Although some literature on student and academic affairs collaborations exists (Guarasci, 2002; Gulley & Mullendore, 2014; Schmidt & Kaufman, 2007) it can be challenging to find concrete examples for building partnerships among student activities, special populations, and academic affairs in higher education. The literature mainly focuses on creating systemic and organizational change. At Iowa State University (ISU), there lacks a formalized first-year experience office, yet each academic college is challenged with creating first-year seminars for incoming students interested in studying in the college’s respective majors. These first-year seminars are often times decentralized, focused on student’s academic discipline, and have no consistent curriculum across the university. Therefore, there is little to no collaboration amongst academic departments and student affairs when designing and implementing first-year seminars, besides opportunities for guest speakers and highlighting student resources. At ISU, the most obvious area to create connections among leadership theories and to build important campus partnerships is within the classroom; specifically, in the first year where supporting student transition to college is paramount (Komives, Mainella, Owen, Osteen, & Longerbeam,2005; Pascarella & Terenzini, 2005).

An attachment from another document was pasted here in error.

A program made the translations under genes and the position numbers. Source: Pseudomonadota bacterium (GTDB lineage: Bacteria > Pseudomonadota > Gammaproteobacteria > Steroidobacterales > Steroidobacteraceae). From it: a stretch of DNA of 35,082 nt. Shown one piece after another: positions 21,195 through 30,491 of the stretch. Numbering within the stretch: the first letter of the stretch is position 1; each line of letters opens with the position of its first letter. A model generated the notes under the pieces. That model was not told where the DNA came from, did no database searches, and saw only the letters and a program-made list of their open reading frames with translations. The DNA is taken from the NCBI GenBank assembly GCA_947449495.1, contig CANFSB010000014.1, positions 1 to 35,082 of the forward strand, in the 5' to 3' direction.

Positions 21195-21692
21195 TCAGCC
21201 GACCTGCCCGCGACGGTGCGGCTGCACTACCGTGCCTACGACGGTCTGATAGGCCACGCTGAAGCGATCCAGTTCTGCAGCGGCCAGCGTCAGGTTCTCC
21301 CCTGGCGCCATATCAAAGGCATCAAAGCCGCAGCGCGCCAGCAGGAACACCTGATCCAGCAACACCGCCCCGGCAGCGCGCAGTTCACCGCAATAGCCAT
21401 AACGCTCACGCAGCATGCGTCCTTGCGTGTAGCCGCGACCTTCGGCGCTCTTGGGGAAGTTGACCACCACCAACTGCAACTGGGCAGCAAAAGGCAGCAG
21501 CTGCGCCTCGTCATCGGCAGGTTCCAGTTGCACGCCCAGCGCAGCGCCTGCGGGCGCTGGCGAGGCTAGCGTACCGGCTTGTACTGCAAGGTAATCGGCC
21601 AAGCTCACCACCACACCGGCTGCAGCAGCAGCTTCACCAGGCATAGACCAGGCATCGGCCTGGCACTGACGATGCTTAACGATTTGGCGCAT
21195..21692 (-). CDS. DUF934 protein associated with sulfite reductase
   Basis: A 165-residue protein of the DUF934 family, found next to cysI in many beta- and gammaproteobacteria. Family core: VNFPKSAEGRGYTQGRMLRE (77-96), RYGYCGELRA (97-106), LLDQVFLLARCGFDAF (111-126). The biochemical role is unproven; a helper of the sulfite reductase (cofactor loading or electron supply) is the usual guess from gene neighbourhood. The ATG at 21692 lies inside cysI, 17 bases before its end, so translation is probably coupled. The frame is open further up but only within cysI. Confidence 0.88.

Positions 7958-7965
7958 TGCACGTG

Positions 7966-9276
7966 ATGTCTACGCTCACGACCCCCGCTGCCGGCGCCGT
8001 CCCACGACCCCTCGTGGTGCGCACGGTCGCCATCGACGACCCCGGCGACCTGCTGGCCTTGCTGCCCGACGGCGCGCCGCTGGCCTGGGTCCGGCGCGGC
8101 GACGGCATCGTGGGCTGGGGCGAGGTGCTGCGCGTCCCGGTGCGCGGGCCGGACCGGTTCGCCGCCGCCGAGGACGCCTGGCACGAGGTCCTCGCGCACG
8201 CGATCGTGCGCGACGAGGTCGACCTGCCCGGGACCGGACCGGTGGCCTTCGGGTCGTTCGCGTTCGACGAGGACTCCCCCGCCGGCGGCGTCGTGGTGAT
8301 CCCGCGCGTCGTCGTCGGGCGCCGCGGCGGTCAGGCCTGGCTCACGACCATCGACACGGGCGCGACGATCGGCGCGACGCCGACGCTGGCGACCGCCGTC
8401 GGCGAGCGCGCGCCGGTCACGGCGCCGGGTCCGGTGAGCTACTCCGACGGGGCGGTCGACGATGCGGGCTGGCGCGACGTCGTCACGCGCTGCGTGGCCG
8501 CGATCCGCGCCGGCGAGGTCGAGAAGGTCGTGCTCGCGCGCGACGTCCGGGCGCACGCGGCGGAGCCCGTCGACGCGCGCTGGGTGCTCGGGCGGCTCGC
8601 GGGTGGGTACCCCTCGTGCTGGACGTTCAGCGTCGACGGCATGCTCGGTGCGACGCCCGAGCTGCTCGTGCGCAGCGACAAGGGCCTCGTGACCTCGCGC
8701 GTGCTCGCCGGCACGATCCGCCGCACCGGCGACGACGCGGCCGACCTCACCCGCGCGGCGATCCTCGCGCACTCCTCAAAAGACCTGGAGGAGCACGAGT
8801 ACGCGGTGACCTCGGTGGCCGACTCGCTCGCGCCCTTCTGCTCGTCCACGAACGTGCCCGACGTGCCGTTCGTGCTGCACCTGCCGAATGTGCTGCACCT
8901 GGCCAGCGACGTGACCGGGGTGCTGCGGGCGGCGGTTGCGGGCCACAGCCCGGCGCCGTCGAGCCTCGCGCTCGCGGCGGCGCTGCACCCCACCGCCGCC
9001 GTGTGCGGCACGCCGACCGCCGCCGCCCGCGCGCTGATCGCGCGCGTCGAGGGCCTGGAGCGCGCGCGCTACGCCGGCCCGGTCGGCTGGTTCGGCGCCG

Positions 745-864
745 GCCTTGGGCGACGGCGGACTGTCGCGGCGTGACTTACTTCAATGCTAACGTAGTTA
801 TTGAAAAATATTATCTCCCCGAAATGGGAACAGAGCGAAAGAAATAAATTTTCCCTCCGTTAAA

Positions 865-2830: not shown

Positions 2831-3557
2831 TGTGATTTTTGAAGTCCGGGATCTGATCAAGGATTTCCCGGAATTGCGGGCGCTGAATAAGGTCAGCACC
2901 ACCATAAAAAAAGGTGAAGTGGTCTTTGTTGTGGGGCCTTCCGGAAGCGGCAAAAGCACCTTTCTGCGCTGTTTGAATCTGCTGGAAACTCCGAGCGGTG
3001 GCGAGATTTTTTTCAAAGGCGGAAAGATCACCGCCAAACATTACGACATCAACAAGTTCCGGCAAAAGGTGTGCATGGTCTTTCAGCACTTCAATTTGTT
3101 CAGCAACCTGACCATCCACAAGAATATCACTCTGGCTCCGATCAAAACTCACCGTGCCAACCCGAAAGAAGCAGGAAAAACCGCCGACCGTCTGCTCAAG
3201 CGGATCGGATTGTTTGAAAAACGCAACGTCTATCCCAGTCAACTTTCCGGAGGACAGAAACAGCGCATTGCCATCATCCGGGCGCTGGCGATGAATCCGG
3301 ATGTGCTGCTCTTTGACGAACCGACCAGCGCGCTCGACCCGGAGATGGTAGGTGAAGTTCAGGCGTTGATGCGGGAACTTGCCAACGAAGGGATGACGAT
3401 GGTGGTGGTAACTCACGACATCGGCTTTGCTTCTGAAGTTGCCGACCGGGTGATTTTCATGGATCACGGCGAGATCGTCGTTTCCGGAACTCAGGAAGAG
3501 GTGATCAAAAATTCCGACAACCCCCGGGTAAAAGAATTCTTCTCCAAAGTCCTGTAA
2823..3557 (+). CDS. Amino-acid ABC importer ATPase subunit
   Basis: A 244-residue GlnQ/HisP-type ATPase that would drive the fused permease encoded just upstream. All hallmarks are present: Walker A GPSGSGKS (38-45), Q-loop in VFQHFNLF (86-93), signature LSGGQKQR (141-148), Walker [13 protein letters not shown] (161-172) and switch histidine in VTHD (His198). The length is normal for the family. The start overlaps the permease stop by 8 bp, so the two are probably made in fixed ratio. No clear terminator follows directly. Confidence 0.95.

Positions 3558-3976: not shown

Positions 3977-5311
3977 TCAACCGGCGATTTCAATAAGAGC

Available at: http://works.bepress.com/amber-manning-ouellette/3/